As part of some on-going projects in various parts of the world I’ve been thinking about the overall model of Telecentres which, along with commercially run Cybercafes (also known as Internet Cafes ), continue to be the primary means by which computing and the Internet are being made available at the community level.
What is becoming clear is that the first generation of Telecentres which provided a basis for first introducing the Internet (and computing) to many parts of the world and particularly into rural areas has now for many become more or less obsolete and for some time a new set of approaches has been emerging in many parts of the Telecentre world.
The first generation of Telecentres were specifically focused on two priorities:
- familiarizing populations to the Internet in contexts where the Internet was a new and unfamiliar facility.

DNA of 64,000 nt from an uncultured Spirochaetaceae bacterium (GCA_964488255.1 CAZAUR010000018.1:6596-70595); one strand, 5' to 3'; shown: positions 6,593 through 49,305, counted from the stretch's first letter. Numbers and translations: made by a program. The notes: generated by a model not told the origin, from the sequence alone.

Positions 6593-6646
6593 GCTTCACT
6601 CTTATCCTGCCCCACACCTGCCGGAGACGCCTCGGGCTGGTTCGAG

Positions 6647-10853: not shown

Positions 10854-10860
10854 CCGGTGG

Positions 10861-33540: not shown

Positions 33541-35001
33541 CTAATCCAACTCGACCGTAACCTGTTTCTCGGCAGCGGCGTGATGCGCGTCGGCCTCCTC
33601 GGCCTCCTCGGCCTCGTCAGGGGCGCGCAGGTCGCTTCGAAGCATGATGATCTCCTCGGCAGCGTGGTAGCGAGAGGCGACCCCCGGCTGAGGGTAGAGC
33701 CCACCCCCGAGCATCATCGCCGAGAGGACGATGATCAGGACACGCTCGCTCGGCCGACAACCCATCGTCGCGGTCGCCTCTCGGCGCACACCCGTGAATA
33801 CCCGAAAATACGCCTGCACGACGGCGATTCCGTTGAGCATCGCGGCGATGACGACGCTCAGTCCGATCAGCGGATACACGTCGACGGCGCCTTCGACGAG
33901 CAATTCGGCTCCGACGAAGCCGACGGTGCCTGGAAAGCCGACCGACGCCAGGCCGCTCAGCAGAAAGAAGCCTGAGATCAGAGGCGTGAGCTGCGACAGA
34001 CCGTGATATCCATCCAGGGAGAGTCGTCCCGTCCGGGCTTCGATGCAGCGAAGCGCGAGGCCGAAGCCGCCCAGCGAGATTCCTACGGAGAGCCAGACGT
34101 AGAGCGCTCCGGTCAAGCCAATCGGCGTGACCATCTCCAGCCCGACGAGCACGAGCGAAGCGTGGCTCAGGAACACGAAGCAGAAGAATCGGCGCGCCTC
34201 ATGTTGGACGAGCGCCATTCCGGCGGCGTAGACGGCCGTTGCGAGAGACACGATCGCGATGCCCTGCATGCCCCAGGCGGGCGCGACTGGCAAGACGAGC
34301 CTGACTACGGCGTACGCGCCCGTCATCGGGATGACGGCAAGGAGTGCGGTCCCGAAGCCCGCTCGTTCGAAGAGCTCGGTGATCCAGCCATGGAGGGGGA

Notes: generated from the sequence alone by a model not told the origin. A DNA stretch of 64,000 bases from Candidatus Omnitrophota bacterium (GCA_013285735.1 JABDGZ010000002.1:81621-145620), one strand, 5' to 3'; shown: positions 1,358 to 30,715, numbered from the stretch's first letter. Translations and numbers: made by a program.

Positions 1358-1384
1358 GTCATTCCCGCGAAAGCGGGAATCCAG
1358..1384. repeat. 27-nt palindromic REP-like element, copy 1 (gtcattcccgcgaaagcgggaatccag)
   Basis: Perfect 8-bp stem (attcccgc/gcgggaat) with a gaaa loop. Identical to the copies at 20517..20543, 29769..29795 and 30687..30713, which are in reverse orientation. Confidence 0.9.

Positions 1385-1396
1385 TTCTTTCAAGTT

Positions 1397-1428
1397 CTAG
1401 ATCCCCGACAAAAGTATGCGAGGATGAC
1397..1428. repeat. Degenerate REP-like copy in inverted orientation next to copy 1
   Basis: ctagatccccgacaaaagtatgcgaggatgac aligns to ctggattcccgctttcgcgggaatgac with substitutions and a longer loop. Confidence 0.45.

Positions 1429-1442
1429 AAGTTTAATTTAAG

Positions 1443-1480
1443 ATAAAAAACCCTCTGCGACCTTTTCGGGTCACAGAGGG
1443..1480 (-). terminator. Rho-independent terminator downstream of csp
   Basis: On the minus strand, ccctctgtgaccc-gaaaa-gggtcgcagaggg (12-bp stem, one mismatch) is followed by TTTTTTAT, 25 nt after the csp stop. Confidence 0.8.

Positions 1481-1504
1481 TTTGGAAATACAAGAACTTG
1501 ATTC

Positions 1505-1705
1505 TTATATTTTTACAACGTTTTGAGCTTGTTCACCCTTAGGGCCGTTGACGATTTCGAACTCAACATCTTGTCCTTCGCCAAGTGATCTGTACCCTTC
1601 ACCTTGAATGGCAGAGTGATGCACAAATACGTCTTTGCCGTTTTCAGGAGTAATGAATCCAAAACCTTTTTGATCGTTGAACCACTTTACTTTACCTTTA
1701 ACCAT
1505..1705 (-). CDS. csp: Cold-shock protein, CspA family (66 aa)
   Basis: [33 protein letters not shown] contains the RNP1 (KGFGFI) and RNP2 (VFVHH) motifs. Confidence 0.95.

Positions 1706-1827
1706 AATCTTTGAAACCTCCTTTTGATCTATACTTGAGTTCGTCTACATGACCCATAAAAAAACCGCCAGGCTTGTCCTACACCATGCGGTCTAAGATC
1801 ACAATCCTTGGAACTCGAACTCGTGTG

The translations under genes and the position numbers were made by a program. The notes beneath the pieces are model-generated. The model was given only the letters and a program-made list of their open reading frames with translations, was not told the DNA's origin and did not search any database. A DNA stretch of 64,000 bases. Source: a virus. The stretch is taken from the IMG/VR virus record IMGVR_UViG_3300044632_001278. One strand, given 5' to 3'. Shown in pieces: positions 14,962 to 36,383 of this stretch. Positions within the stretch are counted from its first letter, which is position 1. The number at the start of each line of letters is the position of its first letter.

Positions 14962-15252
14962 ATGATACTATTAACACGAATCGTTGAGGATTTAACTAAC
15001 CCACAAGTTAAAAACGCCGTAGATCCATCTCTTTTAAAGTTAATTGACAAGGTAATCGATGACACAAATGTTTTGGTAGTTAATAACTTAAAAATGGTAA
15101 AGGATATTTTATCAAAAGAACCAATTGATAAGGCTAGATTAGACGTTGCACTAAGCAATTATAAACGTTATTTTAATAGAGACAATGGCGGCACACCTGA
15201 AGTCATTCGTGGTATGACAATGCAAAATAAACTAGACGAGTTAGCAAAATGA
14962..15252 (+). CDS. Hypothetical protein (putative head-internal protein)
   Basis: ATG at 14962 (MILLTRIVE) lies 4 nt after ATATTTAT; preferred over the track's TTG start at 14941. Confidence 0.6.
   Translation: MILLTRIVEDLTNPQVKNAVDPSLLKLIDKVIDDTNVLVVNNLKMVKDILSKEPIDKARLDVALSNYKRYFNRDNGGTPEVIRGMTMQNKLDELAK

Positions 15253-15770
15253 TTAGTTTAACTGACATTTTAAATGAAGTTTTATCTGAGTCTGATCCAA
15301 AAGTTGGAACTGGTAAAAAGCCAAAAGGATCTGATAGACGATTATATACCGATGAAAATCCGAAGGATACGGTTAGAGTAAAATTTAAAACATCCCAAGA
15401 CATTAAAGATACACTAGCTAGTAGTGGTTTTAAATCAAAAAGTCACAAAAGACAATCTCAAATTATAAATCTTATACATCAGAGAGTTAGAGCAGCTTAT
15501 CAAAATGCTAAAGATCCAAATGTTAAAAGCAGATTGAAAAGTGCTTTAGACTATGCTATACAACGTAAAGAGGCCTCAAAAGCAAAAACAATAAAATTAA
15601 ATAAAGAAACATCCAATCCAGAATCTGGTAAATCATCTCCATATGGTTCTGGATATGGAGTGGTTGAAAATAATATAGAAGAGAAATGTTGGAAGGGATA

- providing access to computing and the Internet for populations who otherwise would have no or only very limited access because of cost, lack of knowledge, lack of infrastructure or other reasons.
But now, some 20 years + into the personal computing era, the task of “familiarizing” populations concerning computing and the Internet has been largely accomplished¸ in Less Developed Countries particulalry through computing programs in schools, through the media, through widespread computerization in places of work, and in part through the success of the Telecentre programs themselves. Similarly access to computers and the Internet is very much more widespread (and less costly) now than earlier because of low cost computers and Internet access.
The overall mission identified for Telecentres has not been completely accomplished—there are countries, regions, categories of the population still unfamiliar with computers and the Internet or still without usable access at a low enough cost. However, it does mean that it is now time to articulate a new mission and thus a new mission for (Next Generation) Telecentres.